Kellogg aims to combat business school gender gap

Michele Corriston

Northwestern’s Kellogg School of Management is sponsoring programs to attract female applicants and support current students in an effort to bridge the gender gap in business schools, which was reported in a recent New York Times article .

“It does tend to be harder to find women role models (in business),” said Nicole Staple, a second-year Kellogg student and external relations chair for the Women’s Business Association. “I thinks it’s important to have the conversation and make very conscious decisions about your career choices now.”

Female enrollment in Kellogg’s full-time program has ranged from 32 to 34 percent over the last five years, according to the Kellogg Office of Admissions. Nationally, more women are attending business school than in the past: a study by the Association to Advance Collegiate Schools of Business found women comprised 35.4 percent of students in 2009-10, up nearly 4 percent from five years earlier. Differences in male and female enrollment at business schools are greater than those at law and medical schools, according to a recent New York Times article.

Kellogg has taken an active role in increasing female enrollment. As a Forte Foundation sponsor, the school participates in a career lab and distributes three scholarships to female students each year, said communications specialist Betsy Berger in an email. Kellogg has hosted the Women’s Leadership Workshop for the past five years to help female students pursuing MBAs. For the first time, Kellogg held a Women’s Preview Day specifically for prospective students Oct. 14.

Regardless of this progress, females still constitute around one third of the business school student body. Staple said women may be deterred from pursuing graduate degrees because they fear they can’t care for their families while working.

“At the end of the day, it probably comes down to work life and family balance,” Staple said. “Many women don’t consider an MBA because of job discrimination later on … as you become more senior, I think maybe there is a lack of mentorship and peer role models women can look up to.”

First-year Kellogg student Dan Doverspike said he sees the male-to-female ratio at Kellogg as diverse. Still, he said he understands why women might decide against business school because they want to have children, something his wife, a registered nurse, also dealt with.

“I think part of it may be the return on investment,” Doverspike said. “Let’s say you graduate from Kellogg at 31. You have about four years to have kids. It’s just an added risk.”

For women that do decide to attend Kellogg, the WBA offers programming including career advising and social events for prospective students, current students and alumni, Staple said. Staple said she doesn’t notice the gender gap on a daily basis, but said this may be because the WBA is a visible organization as one of the largest clubs on campus. Moreover, she said the male-to-female ratio at Kellogg is reflective of business schools in general.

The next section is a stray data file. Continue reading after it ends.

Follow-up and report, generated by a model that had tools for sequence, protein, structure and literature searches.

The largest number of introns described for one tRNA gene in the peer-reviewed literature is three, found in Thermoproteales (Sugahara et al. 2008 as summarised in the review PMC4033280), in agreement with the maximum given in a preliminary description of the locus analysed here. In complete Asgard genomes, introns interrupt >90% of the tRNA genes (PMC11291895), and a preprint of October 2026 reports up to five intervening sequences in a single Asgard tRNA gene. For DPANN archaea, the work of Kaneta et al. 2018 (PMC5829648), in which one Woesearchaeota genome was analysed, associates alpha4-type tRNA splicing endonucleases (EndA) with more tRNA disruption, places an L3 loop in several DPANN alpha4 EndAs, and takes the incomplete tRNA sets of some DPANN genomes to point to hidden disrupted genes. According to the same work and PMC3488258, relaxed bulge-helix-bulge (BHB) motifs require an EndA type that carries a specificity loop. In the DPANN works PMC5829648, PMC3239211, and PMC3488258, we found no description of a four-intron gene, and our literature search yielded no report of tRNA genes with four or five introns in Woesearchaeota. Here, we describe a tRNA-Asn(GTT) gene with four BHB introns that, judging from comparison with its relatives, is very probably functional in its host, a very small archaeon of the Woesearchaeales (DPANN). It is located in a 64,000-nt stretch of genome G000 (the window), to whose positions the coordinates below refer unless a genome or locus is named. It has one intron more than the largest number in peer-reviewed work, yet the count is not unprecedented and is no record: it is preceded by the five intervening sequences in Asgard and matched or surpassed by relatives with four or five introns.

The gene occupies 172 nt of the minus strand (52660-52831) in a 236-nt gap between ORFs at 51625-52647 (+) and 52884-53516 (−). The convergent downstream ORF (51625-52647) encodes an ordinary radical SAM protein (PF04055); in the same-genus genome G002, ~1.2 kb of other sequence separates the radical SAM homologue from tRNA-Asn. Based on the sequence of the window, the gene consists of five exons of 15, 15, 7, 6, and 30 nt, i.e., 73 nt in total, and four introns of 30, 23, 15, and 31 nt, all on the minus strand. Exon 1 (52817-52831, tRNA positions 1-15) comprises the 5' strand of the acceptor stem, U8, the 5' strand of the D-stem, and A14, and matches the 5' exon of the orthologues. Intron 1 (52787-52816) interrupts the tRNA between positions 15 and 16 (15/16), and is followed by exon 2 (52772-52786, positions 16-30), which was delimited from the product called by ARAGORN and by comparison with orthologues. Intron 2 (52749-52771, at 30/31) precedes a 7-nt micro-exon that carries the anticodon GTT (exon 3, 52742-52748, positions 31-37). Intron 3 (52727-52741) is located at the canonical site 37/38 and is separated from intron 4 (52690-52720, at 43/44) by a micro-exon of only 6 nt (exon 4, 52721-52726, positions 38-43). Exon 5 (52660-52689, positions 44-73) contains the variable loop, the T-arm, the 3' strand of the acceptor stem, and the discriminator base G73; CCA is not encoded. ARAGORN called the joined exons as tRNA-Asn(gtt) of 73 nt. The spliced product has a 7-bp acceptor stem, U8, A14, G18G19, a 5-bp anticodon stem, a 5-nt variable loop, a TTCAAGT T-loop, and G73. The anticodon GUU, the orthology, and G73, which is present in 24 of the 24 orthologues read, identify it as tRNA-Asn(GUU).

“I personally came from a male-dominated industry – I worked in finance before – so I guess it was an environment I was used to,” she said. “With that said, I think the WBA does play an interesting and important role in providing guidance.”

Efforts to step up female enrollment haven’t gone unnoticed by students. First-year Kellogg student Jaewon Kim said unequal enrollment points to problems on the application, not admissions, side.

“The admissions office is trying really hard to match the rating, but … for some reason, more males tend to apply and be successful in business schools,” Kim said. “There are less females applying, so less are admitted.”

Kim is in NU’s JD-MBA program, meaning she spent her first year as a graduate student in law school. The number of males to females studying to become lawyers, Kim said, is more equal. Women made up 47.2 percent of J.D. students in the 2009-10 academic year, according to a report by the American Bar Association.

“I can kind of sense the difference between the two schools,” she said. “Of course, female students do have leadership roles (at Kellogg), but compared to law school, men tend to have more.”

Despite these discrepancies, Staple said she has seen change in both business school and in the working world. She said the WBA, happy with the creation of Women’s Preview Day, is working on engaging alumni more to network with prospective students and strengthening relations among current students through formal gatherings. As more women enter business school, corporations offer resources for women, she said.

“When women reach the stage that they’re starting to make family decisions, they tend to drop out of the promotion pool,” Staple said. “What’s changing is that companies are becoming more flexible and supportive of those decisions.”

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